The Hero of Ward Churchill Dismissal Outrage Speaks Out: Cindy Carlisle

C.U. Regent Cindy Carlisle

The only regent of the University of Colorado who voted against the revocation of Ward Churchill’s continuous tenure (8-1) was Cindy Carlisle from Boulder. Regents in Colorado represent the seven Congressional districts and Ms Carlisle represents the 2nd Congressional District. Two are elected at large. She has now stated publicly that she believed the Regents went beyond what a faculty committee, Privilege and Tenure Committee, had recommended for punishment for alleged research misconduct. The committee recommended suspension and rank reduction but not dismissal. She should be lauded for her integrity, courage and heroism in resisting the pressures for political persecution and career destruction. Regents rarely vote against a university president or defy her or his will unless the president is the object of an investigation such as the one recently at Eastern Michigan University concerning a murder cover-up on campus. Ms Carlisle is obviously a woman of great character, tenacity and vision.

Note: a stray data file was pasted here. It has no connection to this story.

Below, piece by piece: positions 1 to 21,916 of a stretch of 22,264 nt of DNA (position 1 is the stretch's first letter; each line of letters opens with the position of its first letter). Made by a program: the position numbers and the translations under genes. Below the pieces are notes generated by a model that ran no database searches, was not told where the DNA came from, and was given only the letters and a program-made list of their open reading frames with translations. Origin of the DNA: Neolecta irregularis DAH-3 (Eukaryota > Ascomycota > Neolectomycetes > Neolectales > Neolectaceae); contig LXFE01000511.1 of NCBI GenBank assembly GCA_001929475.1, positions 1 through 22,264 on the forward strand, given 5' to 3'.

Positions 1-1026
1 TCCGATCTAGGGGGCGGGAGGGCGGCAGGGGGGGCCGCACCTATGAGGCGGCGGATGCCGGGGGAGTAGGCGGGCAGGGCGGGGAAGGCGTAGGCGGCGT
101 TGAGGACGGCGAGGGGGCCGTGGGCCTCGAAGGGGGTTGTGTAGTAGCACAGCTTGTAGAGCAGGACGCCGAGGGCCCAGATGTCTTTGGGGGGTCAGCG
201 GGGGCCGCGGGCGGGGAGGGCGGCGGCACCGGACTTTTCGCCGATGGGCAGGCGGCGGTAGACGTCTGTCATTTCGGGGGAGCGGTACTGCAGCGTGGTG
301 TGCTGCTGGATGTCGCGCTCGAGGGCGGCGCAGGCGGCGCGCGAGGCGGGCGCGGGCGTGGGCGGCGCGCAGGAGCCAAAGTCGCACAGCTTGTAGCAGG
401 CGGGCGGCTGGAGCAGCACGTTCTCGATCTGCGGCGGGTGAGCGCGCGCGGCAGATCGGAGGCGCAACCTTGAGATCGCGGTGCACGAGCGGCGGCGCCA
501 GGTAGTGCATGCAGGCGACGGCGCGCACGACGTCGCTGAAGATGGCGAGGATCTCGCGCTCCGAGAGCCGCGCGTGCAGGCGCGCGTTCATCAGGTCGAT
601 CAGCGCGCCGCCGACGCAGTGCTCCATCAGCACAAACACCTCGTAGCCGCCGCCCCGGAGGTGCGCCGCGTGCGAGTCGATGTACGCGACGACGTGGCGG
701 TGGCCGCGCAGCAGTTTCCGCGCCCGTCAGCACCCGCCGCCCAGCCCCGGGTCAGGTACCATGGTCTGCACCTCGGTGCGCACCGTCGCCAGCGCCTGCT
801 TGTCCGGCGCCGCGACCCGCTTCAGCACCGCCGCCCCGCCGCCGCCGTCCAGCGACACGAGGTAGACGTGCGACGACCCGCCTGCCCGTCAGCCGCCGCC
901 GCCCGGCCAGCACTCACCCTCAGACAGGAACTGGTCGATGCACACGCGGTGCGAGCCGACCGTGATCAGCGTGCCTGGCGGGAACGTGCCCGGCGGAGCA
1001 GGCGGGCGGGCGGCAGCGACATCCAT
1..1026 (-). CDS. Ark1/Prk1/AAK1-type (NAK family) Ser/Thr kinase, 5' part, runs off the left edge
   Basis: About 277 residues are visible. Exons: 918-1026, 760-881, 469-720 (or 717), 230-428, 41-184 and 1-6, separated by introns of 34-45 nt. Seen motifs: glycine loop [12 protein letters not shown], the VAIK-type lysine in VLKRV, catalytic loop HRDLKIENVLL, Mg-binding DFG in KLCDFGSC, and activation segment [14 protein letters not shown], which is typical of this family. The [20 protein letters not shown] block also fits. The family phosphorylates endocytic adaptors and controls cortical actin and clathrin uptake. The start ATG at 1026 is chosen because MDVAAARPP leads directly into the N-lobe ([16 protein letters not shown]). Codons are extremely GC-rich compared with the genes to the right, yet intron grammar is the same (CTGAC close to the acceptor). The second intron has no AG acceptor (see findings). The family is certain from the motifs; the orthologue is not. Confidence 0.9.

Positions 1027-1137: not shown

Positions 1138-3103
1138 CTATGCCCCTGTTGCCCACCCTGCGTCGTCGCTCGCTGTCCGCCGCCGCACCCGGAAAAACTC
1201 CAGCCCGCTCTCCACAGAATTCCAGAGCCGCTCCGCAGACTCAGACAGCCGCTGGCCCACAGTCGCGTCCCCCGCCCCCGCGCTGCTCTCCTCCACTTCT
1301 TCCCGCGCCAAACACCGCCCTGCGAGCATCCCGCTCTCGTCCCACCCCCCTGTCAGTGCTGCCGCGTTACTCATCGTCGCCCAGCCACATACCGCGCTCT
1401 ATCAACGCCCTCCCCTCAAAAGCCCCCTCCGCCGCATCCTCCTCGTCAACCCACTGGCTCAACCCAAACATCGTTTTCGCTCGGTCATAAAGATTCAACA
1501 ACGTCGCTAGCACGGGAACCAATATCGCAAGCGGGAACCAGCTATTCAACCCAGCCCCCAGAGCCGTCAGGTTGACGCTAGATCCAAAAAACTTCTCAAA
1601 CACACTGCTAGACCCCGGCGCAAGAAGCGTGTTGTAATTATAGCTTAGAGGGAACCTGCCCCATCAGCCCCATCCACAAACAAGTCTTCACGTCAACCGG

Ms Carlisle is serving a six year term that expires in January 2009. She earned an M.A. in English and a B.A. from the University of Colorado.

I might say, however, that even a suspension would have been in contravention of numerous A.A.U.P. documents that carefully delimit academic suspensions to circumstances, “if immediate harm to the faculty member or others is threatened.” The documents are the ninth “1970 Interpretive Comment” of the “1940 Statement of Principles on Academic Freedom and Tenure,” the “1958 Statement on Procedural Standards in Faculty Dismissal Proceedings” and the revised 1999 “Recommended Institutional Regulations on Academic Freedom and Tenure.”

The following is from the Summit Daily News link above:

Regent Cindy Carlisle, who cast the sole vote against termination, said Wednesday she felt the Regents should have accepted the advice of the last faculty committee to review the case, which recommended suspending Churchill for a year without pay and demoting him.

She also said the panel, the Privilege and Tenure Committee, had raised questions about three of the seven specific allegations against Churchill.

Asked whether she felt firing Churchill was unfair, she said: “I’m not going to characterize that. My vote speaks pretty strongly. I thought we should defer to the active faculty (the Privilege and Tenure Committee) for their recommendations for sanctions.”

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